Before you start to think about Selling your property in Mexico please consider the following:
Capital Gains Tax
A foreigner who sells property in Mexico is liable under special rules, much like the United States, for the payment of I.S.R. tax (Impuesto Sobre la Renta) which is the Mexican equivalent of the Capital Gains tax. Liability is either 20% of the declared value of the transaction or 28% to 30% of the net gain, less the improvements made, commissions paid, and other allowable expenses. The formula is complicated and the tax should be figured both ways and confirmed by the Notary Public who will be preparing the final deed and tax declarations.
Understanding Mexican tax law is an integral part of the purchasing process. What you do today dictates your tax liabilities tomorrow.
The following is an overview of the capital gains tax regulations currently in place for individuals. Note that the information is intended for individuals, not corporations. Over time these regulations may change, therefore it is important to make sure that the process outlined here is still in effect by contacting a certified accountant or a Mexican Notario.
Capital gains tax law in Mexico states that tax is owed on the profit you receive when you sell your home or property. By law, you have two options when it comes to capital gains and you can use whichever is the better of the two options for you: 1. You pay 28% to 30%* of the net profit. (There are a variety of deductions included in this option.) 2. You pay 25%* of the gross sales amount with no deductions. Although a 28% to 30% capital gains tax may seem high, Mexico does have several laws and procedures that will assist you in maximizing your cost basis, thereby reducing your net profit and potentially lowering your capital gains. The key is understanding these laws before you buy, not when you decide to sell.
*Percentages reflect the 2013 Tax Code. Check with an Accountant or Notary for any changes in these percentages.
Manifesting is simply recording the amount of money spent on a home’s construction or remodel, in order to add it to the Owners’ cost basis. Adding to your cost basis is the key to reducing your capital gains tax. Proper documentation and manifesting your construction are vital when building your new home.
When you sell your home, the manifested cost plus the cost of your lot stated in your trust (title), will be used to determine the basis for capital gains tax. If you have not manifested your construction, Mexican tax law will not recognize your construction costs and you will not be able to use them as deductible expenses. All of your receipts, cancelled checks and bank statements will not help unless you have completed your manifestation after construction.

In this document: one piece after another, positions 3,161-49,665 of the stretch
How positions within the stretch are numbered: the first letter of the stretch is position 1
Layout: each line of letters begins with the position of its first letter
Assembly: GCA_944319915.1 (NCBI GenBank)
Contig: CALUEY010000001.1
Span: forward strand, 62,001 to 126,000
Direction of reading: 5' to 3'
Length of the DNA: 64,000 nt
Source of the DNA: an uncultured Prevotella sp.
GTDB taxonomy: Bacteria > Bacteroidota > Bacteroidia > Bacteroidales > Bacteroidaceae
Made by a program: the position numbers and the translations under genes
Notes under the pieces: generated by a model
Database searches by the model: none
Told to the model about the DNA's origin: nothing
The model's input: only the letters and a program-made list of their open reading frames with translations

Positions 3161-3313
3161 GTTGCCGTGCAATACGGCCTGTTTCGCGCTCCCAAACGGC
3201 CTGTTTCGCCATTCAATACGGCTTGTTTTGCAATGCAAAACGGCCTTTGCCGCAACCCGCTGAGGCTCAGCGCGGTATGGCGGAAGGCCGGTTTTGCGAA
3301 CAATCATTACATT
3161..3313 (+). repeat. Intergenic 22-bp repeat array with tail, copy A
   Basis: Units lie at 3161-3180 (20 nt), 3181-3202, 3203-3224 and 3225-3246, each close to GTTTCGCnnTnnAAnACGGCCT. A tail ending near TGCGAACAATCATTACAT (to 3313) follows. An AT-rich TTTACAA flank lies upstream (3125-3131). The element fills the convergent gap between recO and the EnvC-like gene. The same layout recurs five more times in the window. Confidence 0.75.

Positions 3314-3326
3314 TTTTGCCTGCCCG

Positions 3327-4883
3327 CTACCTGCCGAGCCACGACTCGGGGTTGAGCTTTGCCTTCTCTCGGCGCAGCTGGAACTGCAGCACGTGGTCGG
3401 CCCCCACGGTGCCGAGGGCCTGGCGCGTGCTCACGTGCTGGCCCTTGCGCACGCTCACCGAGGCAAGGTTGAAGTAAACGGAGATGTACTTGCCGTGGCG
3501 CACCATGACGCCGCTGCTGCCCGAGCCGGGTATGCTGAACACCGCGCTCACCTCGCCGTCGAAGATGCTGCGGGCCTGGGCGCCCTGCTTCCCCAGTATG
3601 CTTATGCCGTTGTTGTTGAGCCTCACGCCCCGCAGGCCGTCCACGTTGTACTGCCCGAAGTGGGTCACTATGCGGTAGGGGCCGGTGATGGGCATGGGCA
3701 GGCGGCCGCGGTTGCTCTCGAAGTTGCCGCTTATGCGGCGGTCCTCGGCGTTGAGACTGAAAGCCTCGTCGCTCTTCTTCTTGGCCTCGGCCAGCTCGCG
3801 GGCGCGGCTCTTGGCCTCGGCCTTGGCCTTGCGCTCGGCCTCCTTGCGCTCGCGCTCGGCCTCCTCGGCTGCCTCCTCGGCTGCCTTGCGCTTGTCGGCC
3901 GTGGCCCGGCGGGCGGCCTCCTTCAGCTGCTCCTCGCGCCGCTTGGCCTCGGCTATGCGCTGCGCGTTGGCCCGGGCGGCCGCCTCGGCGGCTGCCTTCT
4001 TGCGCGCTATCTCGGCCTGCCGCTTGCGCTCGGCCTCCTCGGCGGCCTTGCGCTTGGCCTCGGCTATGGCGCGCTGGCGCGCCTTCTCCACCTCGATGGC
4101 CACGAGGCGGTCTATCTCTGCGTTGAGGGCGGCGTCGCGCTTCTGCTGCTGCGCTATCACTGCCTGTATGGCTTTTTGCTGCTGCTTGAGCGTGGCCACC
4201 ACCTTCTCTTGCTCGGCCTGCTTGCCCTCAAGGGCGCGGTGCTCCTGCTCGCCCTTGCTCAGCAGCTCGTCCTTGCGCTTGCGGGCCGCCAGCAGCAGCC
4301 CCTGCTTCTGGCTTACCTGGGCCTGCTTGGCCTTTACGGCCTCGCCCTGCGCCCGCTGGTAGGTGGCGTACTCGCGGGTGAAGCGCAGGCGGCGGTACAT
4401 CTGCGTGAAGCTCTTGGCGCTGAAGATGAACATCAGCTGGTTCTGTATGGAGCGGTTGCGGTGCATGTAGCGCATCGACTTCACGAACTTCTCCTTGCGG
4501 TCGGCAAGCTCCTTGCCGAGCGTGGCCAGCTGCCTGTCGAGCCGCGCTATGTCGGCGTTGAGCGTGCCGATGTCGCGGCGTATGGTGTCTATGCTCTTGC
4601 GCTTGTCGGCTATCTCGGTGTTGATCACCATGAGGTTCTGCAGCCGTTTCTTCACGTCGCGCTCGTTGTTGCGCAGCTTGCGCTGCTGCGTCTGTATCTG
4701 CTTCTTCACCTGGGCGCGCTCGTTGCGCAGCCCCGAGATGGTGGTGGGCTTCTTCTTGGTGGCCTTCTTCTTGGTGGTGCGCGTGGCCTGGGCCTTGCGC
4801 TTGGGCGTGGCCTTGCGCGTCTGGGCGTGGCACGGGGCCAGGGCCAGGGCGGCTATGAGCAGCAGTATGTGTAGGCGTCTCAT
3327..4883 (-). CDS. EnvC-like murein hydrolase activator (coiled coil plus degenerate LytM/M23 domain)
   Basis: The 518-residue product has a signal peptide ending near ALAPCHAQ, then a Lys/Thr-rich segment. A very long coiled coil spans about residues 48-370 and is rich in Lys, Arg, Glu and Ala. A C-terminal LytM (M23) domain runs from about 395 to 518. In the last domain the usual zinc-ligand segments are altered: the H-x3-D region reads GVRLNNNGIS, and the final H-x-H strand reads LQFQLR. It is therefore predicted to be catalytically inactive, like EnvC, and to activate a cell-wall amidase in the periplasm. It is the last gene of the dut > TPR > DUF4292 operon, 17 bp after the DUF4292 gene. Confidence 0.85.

Termination of Works
When construction is finished and you are ready to manifest your construction, you will need to take your building permit to the Departamento de Obras Publicas (Public Works) with a letter stating the total amount you spent on your construction and confirmation that construction is finished. You or your contractor can write the letter. With this letter, you will request an official statement of completion called an “Aviso de Terminación de Obra,” which is a “Letter of Termination of Works.” This letter will state the amount you spent on your construction, which should be in accordance with the amount stated on the building permit.
Social Security for employees is a very serious issue in Mexico. Your home can actually have a lien filed against it or sold to force payment if taxes are not paid. Beware, this can happen even years after you finish your construction. If the amount of Social Security taxes paid corresponds to the amount of your construction, you will receive a letter from Social Security called the “Carta de Razonabilidad de Pago,” which means “Letter of Reasonability of Payment.” This letter is very important, as it is your protection to prevent any future claims for non-payment of Social Security taxes. Before you can receive your Letter of Termination of Works, you will be required to have this letter from Social Security
Once you have your Letter of Termination of Works and your letter from Social Security, you simply take them to the tax office (Oficina de Catastro). There, the value will be recorded and added to the cost reflected on your trust document. Once completed, you have successfully manifested your construction and established an accurate tax basis for your property.